Article  Google Scholar 

  • Korn EL, Graubard BI (1998) Confidence intervals for proportions with small expected number of positive counts estimated from survey data. Surv Meth 24:193–201

    Google Scholar 

  • Lehtonen R, Veijanen A (2009) Design-based methods of estimation for domains and small areas. In: Rao CR (ed) Handbook of statistics, vol Volume 29, Part B. Elsevier, p 219–p 249. doi:10.1016/S0169-7161(09)00231-4

  • Lindberg E, Holmgren J, Olofsson K, Wallerman J, Olsson H (2013) Estimation of tree lists from airborne laser scanning using tree model clustering and k-MSN imputation. Rem Sens 5:1932–1955

    Article  Google Scholar 

  • Magnussen S (1986) Diameter distributions in Picea abies described by the Weibull model. Scand J For Res 1:493–502

    Article  Google Scholar 

  • Magnussen S (2013) An assessment of three variance estimators for the k-nearest neighbour technique. Silv Fenn 47:1–19

    Google Scholar 

  • Magnussen S (2015) Arguments for a model based inference? Forestry (Oxford) 88:317–325. doi:10.1093/forestry/cpv002

    Google Scholar 

  • Magnussen S, Boudewyn P (1998) Derivations of stand heights from airborne laser scanner data with canopy-based quantile estimators. Can J For Res 28:1016–1031

    Article  Google Scholar 

  • Magnussen S, Andersen H-E, Mundhenk P (2015) A second look at endogenous poststratification. For Sci 61:624–634

    Google Scholar 

  • Magnussen S, Eggermont P, LaRiccia VN (1999) Recovering tree heights from airborne laser scanner data. For Sci 45:407–422

    Google Scholar 

  • Magnussen S, Næsset E, Gobakken T (2013) Prediction of tree-size distributions and inventory variables from cumulants of canopy height distributions. Forestry: an international. J For Sci 86:585–593. doi:10.1093/forestry/cpt022

    Google Scholar 

  • Maltamo M, Gobakken T (2014) Predicting tree diameter distributions. In: Forestry applications of airborne laser scanning. Springer, p 177–191.

  • Maltamo M, Eerikainen K, Pitkanen J, Hyyppa J, Vehmas M (2004) Estimation of timber volume and stem density based on scanning laser altimetry and expected tree size distribution functions. Remote Sens Environ 90:319–330

    Article  Google Scholar 

  • Maltamo M, Malinen J, Packalén P, Suvanto A, Kangas J (2006) Nonparametric estimation of stem volume using airborne laser scanning, aerial photography, and stand-register data. Can J For Res 36:426–436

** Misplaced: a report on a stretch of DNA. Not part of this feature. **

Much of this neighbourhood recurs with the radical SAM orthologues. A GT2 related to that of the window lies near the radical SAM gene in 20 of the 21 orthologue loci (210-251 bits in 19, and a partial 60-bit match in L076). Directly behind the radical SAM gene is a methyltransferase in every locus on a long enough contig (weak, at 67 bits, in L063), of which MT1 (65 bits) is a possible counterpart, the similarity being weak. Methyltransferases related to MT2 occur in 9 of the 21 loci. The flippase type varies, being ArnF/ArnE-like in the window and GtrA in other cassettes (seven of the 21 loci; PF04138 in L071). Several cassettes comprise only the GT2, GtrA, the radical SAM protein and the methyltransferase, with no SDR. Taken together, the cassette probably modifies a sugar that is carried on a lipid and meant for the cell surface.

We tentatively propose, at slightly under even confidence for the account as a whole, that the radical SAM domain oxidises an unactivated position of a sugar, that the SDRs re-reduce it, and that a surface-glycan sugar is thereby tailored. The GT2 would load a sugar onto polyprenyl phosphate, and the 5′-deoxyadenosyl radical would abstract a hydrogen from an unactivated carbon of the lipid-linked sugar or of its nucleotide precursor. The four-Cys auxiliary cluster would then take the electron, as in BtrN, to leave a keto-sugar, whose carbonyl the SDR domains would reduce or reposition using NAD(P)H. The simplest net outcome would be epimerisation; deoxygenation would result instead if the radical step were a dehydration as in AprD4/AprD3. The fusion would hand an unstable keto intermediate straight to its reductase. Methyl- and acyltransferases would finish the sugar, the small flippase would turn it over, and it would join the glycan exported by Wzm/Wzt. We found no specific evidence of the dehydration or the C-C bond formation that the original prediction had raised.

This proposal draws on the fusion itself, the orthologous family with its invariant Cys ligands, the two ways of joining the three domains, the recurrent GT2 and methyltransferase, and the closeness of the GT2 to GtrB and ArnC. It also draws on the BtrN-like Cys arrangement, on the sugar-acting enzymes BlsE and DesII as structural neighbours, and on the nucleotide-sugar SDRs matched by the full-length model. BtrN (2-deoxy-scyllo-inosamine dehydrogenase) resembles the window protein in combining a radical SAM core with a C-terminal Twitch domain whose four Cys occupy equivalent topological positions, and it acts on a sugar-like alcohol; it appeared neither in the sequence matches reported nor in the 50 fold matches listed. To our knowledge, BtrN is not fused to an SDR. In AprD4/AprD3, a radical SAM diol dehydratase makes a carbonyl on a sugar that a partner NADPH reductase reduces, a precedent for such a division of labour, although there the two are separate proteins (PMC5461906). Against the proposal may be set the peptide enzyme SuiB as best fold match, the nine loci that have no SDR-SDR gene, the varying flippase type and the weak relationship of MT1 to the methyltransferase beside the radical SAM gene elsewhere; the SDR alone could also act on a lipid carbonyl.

Article  Google Scholar 

  • Maltamo M, Mehtätalo L, Vauhkonen J, Packalén P (2012) Predicting and calibrating tree attributes by means of airborne laser scanning and field measurements. Can J For Res 42:1896–1907

    Article  Google Scholar 

  • Maltamo M, Suvanto A, Packalén P (2007) Comparison of basal area and stem frequency diameter distribution modelling using airborne laser scanner data and calibration estimation. For Ecol Manag 247:26–34

    Article  Google Scholar 

  • Mandallaz D (2008) Sampling techniques for forest inventories. Chapman and Hall, Boca Raton, p. 251

    Google Scholar 

  • Mandallaz D, Breschan J, Hill A (2013) New regression estimators in forest inventories with two-phase sampling and partially exhaustive information: a design-based Monte Carlo approach with applications to small-area estimation. Can J For Res 43:1023–1031. doi:10.1139/cjfr-2013-0181

    Article  Google Scholar 

  • Mardia KV, Kent JT, Bibby JM (1979) Multivariate analysis. Academic Press, p. 524

  • Moser JJ (1976) Specification of density for the inverse J-shaped diameter distribution. For Sci 22:177–180

    Google Scholar 

  • Næsset E (1997) Estimating timber volume of forest stands using airborne laser scanner data. Remote Sens Environ 61:246–253. doi:10.1016/s0034-4257(97)00041-2

    Article  Google Scholar 

  • Næsset E (2004) Practical large-scale forest stand inventory using a small-footprint airborne scanning laser. Scand J For Res 19:164–179